“It’s now clear they were being dishonest on their initial campaign-finance reports and their finances have been nothing but smoke and mirrors,” Luchini said. “Beyond that, there are so many questionable players that were secretly involved in this, it’s pretty disturbing. The fact that they are now all turning on each other shows this is a really serious matter – this is messy.”

On Thursday, Timberlake issued a statement through her attorney, Avery Day, responding to statements made by Lisa Scott and her attorney, Bruce Merrill, who have suggested Timberlake was not being honest with the commission.

“Over the past two decades, I have built a successful Maine business based on my reputation for detail-oriented, effective advocacy,” Timberlake said. “I’m disappointed that this has become personal. I am fully confident that the work I did on this matter was of the high caliber I am known for in Augusta.”



The investigative records also for the first time detail the involvement of another of Shawn Scott’s business associates, Toko Kobayashi.

Kobayashi heads New Consolidated Max World, a real estate development firm in Cambodia, and was responsible for wiring large sums of cash to Lisa Scott via another company that Kobayashi operates in Japan, called Regent Able Associates.

Emails among Kobayashi, Lisa Scott and a Kobayashi employee show Kobayashi directing Lisa Scott on how to file detailed requests for financial reimbursements.

Yet none of the reports filed for the ballot question committees formed and headed by Lisa Scott in Maine reflect Kobayashi’s involvement or in-kind work by his employee. Instead funds from Kobayashi were wired to another company formed by Lisa Scott, which in turn funneled the funds to the ballot question committee Horseracing Jobs Fairness. That committee initially reported the donations as though they were from Lisa Scott directly, but later amended its reports and formed additional ballot question committees for each of the companies passing the funds along, as well as a ballot committee for Lisa Scott individually.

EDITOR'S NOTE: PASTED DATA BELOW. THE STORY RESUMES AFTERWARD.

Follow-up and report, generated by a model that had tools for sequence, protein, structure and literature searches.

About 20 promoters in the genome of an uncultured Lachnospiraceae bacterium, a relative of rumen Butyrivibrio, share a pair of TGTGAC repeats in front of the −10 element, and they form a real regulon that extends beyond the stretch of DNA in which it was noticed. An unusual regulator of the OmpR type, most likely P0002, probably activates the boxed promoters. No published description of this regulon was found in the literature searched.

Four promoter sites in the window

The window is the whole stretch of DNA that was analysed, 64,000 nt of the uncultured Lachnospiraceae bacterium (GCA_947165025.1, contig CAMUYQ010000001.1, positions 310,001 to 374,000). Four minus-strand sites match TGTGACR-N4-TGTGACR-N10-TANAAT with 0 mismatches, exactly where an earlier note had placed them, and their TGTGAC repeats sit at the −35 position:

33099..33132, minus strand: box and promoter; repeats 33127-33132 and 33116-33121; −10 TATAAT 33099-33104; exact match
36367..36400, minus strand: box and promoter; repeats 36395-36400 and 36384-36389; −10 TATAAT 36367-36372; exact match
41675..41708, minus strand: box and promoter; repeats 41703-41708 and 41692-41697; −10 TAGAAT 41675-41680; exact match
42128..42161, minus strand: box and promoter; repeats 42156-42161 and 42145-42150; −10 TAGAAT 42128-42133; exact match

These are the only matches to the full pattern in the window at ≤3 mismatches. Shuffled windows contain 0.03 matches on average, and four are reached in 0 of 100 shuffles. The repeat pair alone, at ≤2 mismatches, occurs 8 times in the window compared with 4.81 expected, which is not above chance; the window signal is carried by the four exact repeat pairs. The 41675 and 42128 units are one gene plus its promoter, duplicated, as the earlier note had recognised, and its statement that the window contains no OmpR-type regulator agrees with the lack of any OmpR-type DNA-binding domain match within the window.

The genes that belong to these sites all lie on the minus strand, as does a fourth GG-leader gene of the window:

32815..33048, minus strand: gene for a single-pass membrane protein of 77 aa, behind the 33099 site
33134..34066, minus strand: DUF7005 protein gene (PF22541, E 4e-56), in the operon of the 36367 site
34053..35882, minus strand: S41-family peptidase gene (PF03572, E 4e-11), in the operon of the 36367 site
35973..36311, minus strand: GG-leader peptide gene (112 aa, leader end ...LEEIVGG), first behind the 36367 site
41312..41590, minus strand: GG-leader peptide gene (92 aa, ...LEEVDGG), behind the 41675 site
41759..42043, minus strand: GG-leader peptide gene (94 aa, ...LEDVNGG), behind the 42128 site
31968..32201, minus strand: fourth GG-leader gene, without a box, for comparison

Kobayashi also was loaning or donating funds to Lisa Scott through the same company, Miami Development Concepts, LLC, in an unsuccessful effort to get a casino ballot question approved for Revere, Massachusetts, in 2016. The committee that Lisa Scott formed there to support the campaign was fined $125,000 by Bay State regulators for, among other things, “receiving contributions in a manner intended to disguise the true source of the funds.”

During her testimony to the commission at a 12-hour hearing Tuesday, Lisa Scott said there was never any attempt to conceal Shawn Scott’s involvement in the campaign and that it has always been well-known that he was financing the effort.


Shawn Scott recently has taken on the role of campaign front man, holding news conferences, giving interviews to reporters and promising that he’s in it for the long haul and has no intention of selling off the rights to the casino license, if it’s approved.

“Throughout this campaign, we’ve tried to make it easy for voters to stay informed about the benefits of Question 1, and this is just another example of our commitment to be as accessible as possible throughout Maine,” he said in a written statement about the online town hall session.

During that session Thursday night, Scott repeatedly criticized the Oxford Casino for engaging in a “mudslinging contest” and “character assassination,” alleging that the casino was trying to prevent competition by raising questions about him and his project.

“That’s what motivated me to come out and speak out about this project,” Scott said.

Scott Thistle can be contacted at 713-6720 or at:

Twitter: thisdog